Member Tip for the New Year:
A new decade is upon us and we are all getting used to changing the dates from 2019 to 2020 on our checks, contracts and other legal and business documents. Most people are used to shortening dates on checks and legal documents to “1/1/20” instead of “1/1/2020”. While it is commonly understood that “1/1/20” means January 1, 2020, it is important to note that shortening “2020” to “20” might open the door to potential scammers, fraudsters or others seeking to change the date on legal or financial instruments. Using the shortened “20” in documents to stand for “2020” may create an opportunity for bad actors to add additional numbers to the end of the “20” thereby changing the date from “2020” to “2021” or beyond. Any change of date that is not intended could cause concern regarding the effective date of contracts, financial issues regarding payments and checks, issues with tax and audit compliance, and any other issues in your business where the year is important in the transaction.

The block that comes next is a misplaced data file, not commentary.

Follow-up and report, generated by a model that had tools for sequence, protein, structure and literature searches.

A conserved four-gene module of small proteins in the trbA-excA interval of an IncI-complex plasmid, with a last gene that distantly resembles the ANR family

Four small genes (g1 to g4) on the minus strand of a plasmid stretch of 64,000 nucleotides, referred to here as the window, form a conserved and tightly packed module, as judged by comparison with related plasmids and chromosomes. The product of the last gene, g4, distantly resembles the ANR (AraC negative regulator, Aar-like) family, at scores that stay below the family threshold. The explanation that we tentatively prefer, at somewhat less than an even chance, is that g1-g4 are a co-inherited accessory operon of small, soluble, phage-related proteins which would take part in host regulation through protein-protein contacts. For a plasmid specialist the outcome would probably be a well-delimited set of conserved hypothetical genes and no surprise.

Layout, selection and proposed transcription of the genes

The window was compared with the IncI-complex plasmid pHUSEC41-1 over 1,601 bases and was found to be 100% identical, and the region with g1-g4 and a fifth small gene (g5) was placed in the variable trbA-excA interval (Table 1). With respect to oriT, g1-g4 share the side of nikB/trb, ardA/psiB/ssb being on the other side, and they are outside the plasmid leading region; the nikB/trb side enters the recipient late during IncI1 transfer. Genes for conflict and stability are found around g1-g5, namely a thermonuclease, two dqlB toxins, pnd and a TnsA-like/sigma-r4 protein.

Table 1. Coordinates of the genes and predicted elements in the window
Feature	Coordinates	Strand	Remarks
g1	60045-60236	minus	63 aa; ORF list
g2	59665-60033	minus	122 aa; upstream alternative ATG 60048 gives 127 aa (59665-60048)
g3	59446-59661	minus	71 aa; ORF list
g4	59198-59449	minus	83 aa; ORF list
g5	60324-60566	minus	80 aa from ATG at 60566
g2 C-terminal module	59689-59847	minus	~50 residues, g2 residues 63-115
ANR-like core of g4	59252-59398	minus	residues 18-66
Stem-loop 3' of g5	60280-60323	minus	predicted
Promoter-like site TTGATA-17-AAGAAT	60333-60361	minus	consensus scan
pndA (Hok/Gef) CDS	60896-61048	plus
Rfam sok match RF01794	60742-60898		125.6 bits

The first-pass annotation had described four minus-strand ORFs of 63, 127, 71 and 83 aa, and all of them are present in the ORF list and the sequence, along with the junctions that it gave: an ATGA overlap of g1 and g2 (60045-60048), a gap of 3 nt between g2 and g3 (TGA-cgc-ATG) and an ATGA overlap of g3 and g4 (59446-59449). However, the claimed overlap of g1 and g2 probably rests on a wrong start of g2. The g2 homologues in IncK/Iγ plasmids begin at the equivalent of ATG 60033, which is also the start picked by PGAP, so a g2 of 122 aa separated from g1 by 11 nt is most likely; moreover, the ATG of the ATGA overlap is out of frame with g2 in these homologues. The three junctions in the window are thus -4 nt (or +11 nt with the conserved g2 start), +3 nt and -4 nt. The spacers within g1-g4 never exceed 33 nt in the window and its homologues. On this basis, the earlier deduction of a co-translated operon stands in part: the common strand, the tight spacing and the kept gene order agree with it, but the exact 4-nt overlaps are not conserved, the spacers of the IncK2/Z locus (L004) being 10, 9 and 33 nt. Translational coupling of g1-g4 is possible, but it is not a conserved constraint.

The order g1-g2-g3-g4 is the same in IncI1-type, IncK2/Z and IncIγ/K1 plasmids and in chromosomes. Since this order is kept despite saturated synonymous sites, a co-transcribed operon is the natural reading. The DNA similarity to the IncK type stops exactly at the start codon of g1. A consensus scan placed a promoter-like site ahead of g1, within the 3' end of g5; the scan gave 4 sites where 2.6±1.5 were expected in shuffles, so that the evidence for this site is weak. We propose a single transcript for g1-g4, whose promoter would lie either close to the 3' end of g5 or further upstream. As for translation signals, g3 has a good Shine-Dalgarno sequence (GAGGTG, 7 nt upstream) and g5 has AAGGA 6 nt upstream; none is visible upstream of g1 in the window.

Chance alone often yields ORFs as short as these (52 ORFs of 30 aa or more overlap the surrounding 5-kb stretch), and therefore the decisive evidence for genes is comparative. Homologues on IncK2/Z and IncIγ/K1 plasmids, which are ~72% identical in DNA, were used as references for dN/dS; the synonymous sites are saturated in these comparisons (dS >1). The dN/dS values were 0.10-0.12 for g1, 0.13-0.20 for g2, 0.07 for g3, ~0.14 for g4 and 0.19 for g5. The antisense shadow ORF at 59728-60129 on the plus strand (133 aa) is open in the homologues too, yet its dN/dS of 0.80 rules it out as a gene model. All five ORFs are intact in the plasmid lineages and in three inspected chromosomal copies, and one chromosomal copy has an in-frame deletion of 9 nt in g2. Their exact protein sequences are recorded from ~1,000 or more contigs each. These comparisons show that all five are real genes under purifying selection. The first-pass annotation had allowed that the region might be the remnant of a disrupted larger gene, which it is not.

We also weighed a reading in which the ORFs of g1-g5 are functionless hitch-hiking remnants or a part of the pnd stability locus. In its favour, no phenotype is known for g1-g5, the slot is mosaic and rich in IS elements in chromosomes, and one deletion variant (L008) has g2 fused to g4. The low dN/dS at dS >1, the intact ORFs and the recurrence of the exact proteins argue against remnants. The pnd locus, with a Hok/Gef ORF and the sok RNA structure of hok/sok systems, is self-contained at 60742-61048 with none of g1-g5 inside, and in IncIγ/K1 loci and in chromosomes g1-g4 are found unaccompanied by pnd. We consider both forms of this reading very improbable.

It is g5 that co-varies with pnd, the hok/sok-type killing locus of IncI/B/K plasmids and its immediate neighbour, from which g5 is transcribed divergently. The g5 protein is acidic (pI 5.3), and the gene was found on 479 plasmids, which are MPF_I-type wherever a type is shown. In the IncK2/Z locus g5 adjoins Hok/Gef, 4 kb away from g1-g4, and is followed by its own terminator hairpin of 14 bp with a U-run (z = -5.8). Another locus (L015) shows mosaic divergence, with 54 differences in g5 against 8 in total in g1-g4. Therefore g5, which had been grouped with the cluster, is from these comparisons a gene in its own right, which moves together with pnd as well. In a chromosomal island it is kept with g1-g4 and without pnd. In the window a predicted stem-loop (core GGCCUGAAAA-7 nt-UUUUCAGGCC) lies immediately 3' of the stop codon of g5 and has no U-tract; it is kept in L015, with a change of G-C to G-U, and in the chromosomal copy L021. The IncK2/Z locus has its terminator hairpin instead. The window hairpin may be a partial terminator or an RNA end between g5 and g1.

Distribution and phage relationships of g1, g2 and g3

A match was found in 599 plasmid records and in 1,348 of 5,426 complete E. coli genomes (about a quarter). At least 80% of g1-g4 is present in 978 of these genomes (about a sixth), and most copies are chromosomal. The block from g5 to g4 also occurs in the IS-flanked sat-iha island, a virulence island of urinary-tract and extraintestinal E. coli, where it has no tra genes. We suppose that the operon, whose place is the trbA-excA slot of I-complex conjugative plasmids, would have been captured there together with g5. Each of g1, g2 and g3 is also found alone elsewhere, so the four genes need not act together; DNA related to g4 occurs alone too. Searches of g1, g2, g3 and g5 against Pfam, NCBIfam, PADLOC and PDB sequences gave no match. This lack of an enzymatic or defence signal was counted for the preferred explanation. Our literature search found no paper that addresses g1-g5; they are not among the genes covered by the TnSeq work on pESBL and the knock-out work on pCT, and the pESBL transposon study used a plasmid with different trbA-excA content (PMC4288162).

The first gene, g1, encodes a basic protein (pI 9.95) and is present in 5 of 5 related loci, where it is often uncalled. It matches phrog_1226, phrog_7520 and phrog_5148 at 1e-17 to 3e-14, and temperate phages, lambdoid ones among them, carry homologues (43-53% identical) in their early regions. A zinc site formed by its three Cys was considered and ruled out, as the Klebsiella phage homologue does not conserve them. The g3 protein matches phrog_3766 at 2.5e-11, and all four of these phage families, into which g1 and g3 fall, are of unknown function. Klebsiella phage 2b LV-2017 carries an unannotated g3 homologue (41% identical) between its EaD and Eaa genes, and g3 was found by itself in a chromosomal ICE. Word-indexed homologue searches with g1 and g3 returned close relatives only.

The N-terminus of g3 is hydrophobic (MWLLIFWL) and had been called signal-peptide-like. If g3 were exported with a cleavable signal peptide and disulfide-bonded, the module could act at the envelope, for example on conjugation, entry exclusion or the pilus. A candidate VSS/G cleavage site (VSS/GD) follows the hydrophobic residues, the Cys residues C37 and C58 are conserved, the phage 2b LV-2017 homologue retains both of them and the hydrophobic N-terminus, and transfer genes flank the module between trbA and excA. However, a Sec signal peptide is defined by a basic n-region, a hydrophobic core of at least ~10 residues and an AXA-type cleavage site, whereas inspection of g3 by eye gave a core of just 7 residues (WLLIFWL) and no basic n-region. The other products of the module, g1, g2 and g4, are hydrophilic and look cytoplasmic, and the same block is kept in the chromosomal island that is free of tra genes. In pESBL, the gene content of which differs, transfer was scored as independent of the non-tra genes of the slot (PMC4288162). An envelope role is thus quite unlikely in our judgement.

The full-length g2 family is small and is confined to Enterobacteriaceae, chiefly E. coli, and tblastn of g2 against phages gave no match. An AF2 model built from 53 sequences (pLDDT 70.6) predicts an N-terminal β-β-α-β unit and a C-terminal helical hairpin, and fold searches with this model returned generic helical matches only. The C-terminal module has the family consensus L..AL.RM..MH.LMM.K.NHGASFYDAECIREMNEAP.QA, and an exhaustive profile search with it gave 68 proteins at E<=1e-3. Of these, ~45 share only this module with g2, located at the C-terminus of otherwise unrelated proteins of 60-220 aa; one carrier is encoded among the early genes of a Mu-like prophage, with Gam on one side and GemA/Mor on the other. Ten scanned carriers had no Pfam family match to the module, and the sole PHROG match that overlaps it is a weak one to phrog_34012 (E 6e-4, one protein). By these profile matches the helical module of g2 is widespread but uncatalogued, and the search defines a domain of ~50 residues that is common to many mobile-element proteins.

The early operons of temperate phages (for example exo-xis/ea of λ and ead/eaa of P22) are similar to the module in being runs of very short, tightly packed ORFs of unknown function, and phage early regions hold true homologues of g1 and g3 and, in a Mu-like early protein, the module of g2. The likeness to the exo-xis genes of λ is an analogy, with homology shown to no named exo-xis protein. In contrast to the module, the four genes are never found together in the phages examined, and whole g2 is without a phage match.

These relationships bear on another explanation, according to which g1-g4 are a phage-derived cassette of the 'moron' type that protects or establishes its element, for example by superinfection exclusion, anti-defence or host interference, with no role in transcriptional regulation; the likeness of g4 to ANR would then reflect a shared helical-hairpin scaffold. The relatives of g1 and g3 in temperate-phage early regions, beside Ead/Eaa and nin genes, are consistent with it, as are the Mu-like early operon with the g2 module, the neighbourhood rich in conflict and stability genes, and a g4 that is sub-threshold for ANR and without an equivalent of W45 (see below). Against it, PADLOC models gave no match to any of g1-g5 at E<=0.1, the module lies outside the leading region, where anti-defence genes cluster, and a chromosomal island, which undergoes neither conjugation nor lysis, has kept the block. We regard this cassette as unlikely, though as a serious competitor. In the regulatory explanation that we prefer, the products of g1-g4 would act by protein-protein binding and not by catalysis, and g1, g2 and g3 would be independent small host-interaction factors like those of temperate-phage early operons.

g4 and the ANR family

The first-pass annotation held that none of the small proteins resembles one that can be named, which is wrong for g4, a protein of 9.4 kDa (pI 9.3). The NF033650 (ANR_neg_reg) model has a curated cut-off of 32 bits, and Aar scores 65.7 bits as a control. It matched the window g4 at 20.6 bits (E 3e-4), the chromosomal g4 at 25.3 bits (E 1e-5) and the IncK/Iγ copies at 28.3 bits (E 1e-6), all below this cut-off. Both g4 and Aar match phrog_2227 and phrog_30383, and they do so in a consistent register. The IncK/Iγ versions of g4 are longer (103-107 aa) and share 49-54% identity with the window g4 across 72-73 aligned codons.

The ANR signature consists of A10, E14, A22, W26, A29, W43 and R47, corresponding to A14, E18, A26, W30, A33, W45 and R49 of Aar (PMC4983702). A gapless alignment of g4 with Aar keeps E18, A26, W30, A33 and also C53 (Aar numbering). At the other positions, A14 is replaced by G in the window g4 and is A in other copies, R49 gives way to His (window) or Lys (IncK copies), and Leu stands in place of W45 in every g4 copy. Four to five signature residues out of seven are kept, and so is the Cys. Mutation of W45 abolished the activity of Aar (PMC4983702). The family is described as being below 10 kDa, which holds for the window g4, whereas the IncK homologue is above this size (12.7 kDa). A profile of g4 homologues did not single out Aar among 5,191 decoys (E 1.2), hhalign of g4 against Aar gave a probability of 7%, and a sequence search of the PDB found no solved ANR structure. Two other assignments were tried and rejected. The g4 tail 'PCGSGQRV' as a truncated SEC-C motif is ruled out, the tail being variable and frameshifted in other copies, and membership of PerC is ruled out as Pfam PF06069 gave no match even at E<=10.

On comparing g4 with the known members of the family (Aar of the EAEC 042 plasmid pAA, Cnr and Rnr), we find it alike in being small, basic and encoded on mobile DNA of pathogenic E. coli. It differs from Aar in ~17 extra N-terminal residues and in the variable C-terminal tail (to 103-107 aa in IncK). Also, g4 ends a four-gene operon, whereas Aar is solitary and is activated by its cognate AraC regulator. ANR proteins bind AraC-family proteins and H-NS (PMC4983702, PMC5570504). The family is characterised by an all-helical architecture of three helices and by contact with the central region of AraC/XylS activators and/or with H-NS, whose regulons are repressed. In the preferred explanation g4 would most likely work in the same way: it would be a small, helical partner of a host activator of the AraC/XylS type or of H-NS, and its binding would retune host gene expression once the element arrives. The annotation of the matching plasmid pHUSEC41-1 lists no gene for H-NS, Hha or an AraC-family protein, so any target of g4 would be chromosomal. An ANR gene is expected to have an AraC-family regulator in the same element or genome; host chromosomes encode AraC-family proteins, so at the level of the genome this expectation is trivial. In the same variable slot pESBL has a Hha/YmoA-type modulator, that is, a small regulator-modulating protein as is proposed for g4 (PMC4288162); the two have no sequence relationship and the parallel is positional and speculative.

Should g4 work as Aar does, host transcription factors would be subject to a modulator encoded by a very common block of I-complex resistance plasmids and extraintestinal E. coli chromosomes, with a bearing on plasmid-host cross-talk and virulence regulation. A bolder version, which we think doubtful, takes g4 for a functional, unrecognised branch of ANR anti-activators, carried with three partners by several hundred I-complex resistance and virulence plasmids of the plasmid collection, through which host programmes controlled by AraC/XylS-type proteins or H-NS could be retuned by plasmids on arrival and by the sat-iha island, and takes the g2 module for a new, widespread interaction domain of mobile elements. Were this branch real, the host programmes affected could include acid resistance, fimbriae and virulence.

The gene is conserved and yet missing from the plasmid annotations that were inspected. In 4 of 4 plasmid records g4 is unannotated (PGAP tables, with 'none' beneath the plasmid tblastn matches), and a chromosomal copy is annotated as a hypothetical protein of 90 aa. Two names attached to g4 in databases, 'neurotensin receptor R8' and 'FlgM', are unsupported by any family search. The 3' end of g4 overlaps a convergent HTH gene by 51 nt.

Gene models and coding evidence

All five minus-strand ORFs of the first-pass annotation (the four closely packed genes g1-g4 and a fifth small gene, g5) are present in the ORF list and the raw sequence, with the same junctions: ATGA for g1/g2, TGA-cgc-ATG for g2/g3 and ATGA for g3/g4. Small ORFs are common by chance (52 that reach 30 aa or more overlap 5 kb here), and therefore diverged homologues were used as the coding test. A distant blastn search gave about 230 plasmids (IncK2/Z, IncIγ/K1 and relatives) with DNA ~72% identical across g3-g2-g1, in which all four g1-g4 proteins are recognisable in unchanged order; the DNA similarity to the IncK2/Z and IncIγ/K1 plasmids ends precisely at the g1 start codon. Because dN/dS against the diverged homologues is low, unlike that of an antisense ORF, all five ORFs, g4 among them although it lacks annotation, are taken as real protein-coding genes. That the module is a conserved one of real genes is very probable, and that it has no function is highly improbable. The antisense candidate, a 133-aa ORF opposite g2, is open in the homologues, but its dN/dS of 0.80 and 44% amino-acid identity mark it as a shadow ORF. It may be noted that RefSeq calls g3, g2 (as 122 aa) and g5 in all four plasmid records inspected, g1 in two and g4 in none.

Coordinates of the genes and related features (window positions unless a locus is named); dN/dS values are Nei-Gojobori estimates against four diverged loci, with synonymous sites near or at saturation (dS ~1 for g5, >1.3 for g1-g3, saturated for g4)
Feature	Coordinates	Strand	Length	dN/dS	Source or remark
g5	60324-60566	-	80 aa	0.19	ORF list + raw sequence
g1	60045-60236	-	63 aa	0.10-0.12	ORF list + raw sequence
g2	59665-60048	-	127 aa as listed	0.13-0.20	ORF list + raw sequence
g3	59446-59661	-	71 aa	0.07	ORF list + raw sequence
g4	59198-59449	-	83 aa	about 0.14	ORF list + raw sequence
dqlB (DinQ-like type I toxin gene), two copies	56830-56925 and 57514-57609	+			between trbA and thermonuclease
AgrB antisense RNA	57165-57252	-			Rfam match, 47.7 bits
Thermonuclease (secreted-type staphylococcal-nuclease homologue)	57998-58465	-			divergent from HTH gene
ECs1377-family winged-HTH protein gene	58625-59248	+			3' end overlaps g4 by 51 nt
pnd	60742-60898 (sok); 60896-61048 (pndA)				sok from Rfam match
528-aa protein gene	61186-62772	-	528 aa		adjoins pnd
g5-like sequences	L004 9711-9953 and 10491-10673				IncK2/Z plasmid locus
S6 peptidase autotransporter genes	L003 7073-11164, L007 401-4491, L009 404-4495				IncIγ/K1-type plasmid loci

Any documents that you fill in, either manually or on computer, should contain the full date either written out (January 1, 2020) or the shortened version that contains the full year (1/1/2020).
Read more here from CyberSecurity expert Joseph Steinberg.